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FringeReview UK 2019

Oliver Nelson and David Way Violin and Viola Recital

Oliver Nelson and David Way

Genre: Live Music, Music

Venue: Chapel Royal, North Road, Brighton


Low Down

Oliver Nelson’s and David Way’s violin and viola recital take sin two major works. The Toch Divertimento of 1925 and the Villa-Lobos Duo of 1946.


Oliver Nelson and David Way are both renowned soloists, and Nelson appears with a piano partner here too.


There’s something really special about their violin and viola recitals though that opens up a wonderful seam. Started by Mozart with his duos, the rich harvest was touched last year with pieces by Halvorsen, Milhaud and Martinu, all major pieces. This year its slightly less well-known work by composers both born in 1887.


Whilst we know Heitor Villa-Lobos, Ernst Toch (1887-1964) is now unjustly forgotten. Composer of seven symphonies mostly late, and 13 string quartets mostly early, his refractory genius glimmers through and is more than worth revival – as has happened extensively on CD. He even wrote film music, including a chase scherzo for Shirley Temple’s Heidi in 1937.


His 1925 Divertimento seems split between the rather scherzo-like outer movements and a plangent memorable and tonally very rich slow movement. It’s tonal throbbing and powerful. Nelson and Way have a rapport that thews and threads their virtuosity together and points up the fiery points of the brittle lyricism of those outer movements. This is a powerful work, and shows again why this unique combination attracted so many early-to-mid-century composers. Nelson and Way express this with a freshness and attack that’s both warm but attentive to dynamics; there’s never anything generalised.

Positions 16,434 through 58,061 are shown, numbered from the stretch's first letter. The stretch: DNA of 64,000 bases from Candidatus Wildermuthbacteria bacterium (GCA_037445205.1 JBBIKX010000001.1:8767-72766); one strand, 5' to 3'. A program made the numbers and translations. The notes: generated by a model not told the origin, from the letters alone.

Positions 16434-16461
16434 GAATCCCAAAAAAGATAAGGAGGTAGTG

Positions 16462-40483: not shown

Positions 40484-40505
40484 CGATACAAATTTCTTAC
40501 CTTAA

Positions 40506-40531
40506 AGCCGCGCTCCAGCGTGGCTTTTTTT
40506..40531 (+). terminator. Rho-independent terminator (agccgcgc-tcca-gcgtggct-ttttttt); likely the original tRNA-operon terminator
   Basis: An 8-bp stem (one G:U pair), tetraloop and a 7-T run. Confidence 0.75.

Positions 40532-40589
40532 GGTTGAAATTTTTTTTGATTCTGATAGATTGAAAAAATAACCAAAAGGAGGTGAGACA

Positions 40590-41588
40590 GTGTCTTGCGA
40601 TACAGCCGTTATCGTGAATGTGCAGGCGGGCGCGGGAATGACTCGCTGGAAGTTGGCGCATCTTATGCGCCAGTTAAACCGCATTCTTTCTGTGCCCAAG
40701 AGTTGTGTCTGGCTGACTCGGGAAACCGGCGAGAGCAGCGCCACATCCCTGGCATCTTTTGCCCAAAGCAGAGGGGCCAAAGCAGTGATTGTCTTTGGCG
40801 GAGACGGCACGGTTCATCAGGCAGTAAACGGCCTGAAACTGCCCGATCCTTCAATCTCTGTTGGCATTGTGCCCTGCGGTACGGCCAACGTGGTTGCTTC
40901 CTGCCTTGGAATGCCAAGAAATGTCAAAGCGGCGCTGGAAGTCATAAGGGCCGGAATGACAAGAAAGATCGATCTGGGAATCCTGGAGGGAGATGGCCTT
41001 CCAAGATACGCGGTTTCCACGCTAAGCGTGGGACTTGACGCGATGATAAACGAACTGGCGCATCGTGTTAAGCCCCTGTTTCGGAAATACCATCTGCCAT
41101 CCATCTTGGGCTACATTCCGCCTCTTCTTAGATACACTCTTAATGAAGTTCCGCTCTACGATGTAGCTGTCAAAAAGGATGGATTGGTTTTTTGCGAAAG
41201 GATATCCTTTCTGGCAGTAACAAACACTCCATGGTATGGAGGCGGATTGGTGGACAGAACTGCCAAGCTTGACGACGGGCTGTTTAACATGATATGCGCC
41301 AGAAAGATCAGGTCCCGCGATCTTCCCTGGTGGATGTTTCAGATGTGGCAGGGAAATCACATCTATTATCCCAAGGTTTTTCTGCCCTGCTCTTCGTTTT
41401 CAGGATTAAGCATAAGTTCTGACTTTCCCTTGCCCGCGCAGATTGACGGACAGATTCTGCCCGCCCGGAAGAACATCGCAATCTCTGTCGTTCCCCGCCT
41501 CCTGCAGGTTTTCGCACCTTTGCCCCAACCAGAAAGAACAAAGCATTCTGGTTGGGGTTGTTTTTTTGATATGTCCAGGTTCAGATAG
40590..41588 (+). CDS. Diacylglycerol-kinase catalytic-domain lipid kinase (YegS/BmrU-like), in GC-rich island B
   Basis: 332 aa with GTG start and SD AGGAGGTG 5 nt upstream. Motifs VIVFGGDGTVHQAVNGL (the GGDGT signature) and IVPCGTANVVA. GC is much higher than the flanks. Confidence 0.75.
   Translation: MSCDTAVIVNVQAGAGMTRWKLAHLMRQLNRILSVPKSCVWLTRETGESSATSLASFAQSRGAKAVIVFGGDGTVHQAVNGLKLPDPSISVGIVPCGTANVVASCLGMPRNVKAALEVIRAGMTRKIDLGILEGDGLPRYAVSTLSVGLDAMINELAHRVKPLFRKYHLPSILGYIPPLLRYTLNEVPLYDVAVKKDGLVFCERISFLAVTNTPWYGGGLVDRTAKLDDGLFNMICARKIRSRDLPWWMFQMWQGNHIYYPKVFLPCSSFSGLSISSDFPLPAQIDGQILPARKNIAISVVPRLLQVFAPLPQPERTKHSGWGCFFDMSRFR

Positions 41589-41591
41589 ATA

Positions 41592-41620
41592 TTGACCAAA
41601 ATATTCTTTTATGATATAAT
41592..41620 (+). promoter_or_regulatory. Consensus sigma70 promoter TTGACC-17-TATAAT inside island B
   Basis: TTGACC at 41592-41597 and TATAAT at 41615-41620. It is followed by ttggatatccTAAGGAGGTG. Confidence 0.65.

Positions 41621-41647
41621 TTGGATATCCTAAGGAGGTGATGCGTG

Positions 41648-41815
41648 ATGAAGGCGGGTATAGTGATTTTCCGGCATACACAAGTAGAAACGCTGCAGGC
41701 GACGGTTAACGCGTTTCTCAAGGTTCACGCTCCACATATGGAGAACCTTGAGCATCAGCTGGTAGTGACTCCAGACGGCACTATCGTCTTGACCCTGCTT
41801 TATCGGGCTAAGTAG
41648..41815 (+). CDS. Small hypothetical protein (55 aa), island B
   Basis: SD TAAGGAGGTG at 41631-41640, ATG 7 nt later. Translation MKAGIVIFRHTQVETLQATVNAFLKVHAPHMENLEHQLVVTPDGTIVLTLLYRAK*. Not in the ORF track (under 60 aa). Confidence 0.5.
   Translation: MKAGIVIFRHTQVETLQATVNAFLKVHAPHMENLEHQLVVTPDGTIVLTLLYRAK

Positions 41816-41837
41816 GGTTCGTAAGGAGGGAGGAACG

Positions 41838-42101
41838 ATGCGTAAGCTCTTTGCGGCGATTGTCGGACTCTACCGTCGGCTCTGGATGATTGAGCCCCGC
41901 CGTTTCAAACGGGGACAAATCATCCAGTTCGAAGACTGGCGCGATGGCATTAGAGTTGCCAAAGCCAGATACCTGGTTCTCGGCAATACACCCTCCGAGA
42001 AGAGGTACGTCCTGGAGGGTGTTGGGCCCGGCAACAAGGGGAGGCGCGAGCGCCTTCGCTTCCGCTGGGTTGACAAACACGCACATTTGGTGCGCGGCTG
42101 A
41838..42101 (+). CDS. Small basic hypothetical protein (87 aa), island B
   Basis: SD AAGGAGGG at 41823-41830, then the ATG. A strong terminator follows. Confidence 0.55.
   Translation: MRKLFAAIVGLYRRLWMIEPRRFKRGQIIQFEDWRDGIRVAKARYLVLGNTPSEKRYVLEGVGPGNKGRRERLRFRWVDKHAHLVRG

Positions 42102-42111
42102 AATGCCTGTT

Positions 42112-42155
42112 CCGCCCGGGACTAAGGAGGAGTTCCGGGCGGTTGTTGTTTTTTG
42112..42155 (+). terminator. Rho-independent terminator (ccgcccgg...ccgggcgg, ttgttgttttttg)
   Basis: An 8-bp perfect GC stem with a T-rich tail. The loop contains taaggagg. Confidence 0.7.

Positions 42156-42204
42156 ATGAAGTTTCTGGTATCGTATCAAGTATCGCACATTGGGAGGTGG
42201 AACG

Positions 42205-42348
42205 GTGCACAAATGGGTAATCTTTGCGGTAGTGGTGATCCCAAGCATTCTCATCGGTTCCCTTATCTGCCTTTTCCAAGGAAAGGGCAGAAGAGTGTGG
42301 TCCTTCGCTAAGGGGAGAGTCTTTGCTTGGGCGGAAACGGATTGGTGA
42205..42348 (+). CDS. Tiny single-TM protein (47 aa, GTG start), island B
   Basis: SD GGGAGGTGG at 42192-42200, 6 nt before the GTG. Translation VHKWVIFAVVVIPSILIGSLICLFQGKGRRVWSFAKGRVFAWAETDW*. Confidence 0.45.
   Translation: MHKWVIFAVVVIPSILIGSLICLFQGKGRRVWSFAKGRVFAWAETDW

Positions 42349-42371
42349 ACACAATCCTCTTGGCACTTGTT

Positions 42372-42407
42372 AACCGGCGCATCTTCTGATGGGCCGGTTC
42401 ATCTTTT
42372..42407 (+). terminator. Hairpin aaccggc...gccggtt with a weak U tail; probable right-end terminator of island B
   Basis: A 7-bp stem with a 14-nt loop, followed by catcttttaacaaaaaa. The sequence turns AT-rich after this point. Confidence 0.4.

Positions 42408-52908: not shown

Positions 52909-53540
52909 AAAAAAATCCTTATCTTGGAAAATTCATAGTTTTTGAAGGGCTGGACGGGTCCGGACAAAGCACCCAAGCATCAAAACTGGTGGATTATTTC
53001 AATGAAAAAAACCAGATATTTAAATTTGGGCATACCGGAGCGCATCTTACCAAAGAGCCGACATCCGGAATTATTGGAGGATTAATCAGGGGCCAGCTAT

The Villa-Lobos 1946 Duo is too, and it’s more astringent than we’re used to in his seventeen string quartets. Like the younger Milhaud who taught him, he began eighteen, but didn’t manage to complete the last.


This work seems in one sense like that: the sharper side of one of his later contrapuntal works with all the waves of tonal warmth removed, by taking away a violin and cello. But the result’s thrilling. Again a slow movement’s at the heart, but here the three movements are more of a piece. Neither so atonal as Toch’s outer movements, nor so consonant as the Toch slow movement, this seems like a more than worthy appendage to the quartets. The slow winding-in of tonal flushes in the opening to a more complex dialogue is beautifully done. As is the haunted, slow-throbbing slow movement and jagged dance of a finale – all with the hallmark of Vila-Lobos motor-rhythms, which here aren’t at all monotonous or automatic. They serve to provide a lift-off to contrapuntal and musical arguments, and satisfying music.


It’d be wonderful to see more of this du in Brighton. Consummate and distinctive music-making with repertoire nearly forgotten.